Every year, about 240 million people call 9-1-1 in the U.S. For most of these calls, an ambulance is dispatched to the scene in order to provide immediate medical attention. Patients and medical professionals alike are indebted to these services, which means that they should be paid appropriately and on time. But do you know how ambulance services collect patient payments?
The process is relatively simple and strategic and the job is usually assigned to an EMS bill company. However, not all billing companies are concerned about timelines. Neglecting to send out billing information for services rendered by EMS professionals hurts the response team, the hospital, the patient, and even the taxpayers. That’s why it’s vital to ensure that your billing or collection agency is following these three steps for collecting patient payments for ambulance services.
Step 1. Double Check The Bill
Ensuring that your patients are receiving the appropriate bill is going to save time and hassle on everyone’s end. In order for this to happen, your billing company needs to check and double-check the status of the remaining bill after it’s been through the initial steps.
A reliable company will do some background check to make sure that the insurance company has paid out the proper amount. If the numbers are wrong, it’s your patient who is going to get frustrated and it’s you who they will be calling to demand an explanation. A hands-on billing company will make sure that the distressed patient is at least getting the correct billing information.
Spelling, Contact, and Coding
Another thing that should be checked is any typing errors within the bill. A seemingly minor error can lead to denials or claims, meaning that the 911 provider will be delayed in receiving payment (if they get it at all). Your billing company should be diligent in making sure all information is correct before sending it out to the patient.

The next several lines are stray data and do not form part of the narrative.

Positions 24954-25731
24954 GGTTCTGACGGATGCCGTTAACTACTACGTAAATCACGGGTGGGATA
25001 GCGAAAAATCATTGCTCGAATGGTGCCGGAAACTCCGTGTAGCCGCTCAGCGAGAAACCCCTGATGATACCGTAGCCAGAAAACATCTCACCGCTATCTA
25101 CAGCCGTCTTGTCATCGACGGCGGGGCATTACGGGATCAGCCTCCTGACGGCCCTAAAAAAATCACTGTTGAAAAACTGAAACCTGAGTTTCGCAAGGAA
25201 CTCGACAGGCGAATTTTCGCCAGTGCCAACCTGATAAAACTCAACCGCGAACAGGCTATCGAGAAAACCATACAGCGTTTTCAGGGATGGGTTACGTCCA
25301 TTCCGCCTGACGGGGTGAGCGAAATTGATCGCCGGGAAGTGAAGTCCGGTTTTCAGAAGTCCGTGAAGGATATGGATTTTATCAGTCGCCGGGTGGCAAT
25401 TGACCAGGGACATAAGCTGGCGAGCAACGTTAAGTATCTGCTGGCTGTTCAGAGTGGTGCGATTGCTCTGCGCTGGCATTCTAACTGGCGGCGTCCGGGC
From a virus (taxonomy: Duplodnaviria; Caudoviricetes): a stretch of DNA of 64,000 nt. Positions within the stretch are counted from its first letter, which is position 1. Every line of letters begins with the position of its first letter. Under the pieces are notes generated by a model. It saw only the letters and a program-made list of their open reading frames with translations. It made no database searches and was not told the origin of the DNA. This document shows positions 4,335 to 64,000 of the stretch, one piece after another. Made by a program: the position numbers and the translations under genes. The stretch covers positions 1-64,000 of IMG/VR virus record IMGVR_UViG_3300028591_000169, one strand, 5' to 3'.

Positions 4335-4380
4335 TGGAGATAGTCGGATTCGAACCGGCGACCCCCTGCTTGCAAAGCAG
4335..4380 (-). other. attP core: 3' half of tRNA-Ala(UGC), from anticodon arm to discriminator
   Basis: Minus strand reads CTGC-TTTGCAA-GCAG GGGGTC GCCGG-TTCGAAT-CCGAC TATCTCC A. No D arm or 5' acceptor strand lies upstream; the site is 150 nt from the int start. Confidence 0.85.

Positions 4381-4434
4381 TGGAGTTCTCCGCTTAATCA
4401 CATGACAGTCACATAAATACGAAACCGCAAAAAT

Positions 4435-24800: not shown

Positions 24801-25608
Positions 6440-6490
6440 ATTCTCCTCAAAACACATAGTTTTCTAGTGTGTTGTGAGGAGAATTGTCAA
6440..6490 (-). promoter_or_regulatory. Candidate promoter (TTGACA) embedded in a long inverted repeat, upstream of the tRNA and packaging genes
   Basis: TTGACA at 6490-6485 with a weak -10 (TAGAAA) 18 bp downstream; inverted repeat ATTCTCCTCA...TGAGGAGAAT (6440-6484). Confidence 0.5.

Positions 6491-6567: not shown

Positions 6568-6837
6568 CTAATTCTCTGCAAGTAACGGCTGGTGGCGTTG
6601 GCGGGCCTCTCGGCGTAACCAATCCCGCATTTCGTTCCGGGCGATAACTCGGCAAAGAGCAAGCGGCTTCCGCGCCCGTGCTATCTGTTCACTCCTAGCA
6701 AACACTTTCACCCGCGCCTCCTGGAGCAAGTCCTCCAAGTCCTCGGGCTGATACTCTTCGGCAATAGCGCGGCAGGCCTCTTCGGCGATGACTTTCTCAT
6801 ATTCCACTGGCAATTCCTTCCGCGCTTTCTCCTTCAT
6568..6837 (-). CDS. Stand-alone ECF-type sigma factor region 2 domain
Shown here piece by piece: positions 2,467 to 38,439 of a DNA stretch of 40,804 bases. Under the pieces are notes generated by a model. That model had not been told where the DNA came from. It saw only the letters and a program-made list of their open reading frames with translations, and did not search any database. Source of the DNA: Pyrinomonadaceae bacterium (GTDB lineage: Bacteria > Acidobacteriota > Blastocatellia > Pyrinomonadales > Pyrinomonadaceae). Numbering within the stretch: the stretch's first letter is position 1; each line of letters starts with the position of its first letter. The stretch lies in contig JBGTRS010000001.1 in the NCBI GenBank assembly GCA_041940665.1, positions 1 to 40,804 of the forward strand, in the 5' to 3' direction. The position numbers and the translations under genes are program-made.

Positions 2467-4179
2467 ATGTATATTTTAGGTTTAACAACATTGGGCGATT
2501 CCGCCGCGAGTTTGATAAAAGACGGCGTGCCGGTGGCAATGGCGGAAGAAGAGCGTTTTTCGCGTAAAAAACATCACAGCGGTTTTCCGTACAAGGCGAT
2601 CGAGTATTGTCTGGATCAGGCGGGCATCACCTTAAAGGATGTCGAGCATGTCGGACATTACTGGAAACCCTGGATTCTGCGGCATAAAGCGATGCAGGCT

Step 2. Five Day Bill Day
Speaking of sending out the bill, ambulance services can collect patient payments at any time. Ideally, however, your billing company should have the bill squared away with the proper information within five days. If you’re working with a company that is continuously sending out patient bills for ambulance services weeks or months after the event, you should consider switching agencies.
Step 3. Follow-Up
Once the bill has been sent out to the patient, it’s up to your EMS billing to follow-up on payments. Most patients aren’t likely to pay this bill as soon as they receive it. However, your company’s standard procedure should include follow-ups. This shouldn’t be a problem if they have a fully-geared accounts receivable report (that they update regularly).
Here is a list of follow-up procedures your company should be providing:
Bill Received: Confirmation and date that bill was sent out and date patient should have received it.
Follow-Up Communication: Every call, email, or reminder bill that your company has issued to the patients as a reminder for payment (AR report).
Claims and Denial Listings: Any claim or denials in the process that has caused a delay in payment of the ambulance services.
Days To Payment: Medicare reimbursement should take no longer than 14 days, while commercial insurance companies should take less than 45 days. If their estimated time of payment from insurance providers exceeds those numbers, it’s likely that their follow-up process needs some work.
When deciding to work with an EMS billing company, you need to set strict expectations. Ask to see an example of the AR reports, asking about payment estimates, and also be sure to enquire about their collection percentages. And remember, if their services seem too good to be true, it probably is.
Still no luck recovering your money?
When a patient has failed to pay for 90 days despite all your efforts, hire a Debt Collection Agency without wasting more time.
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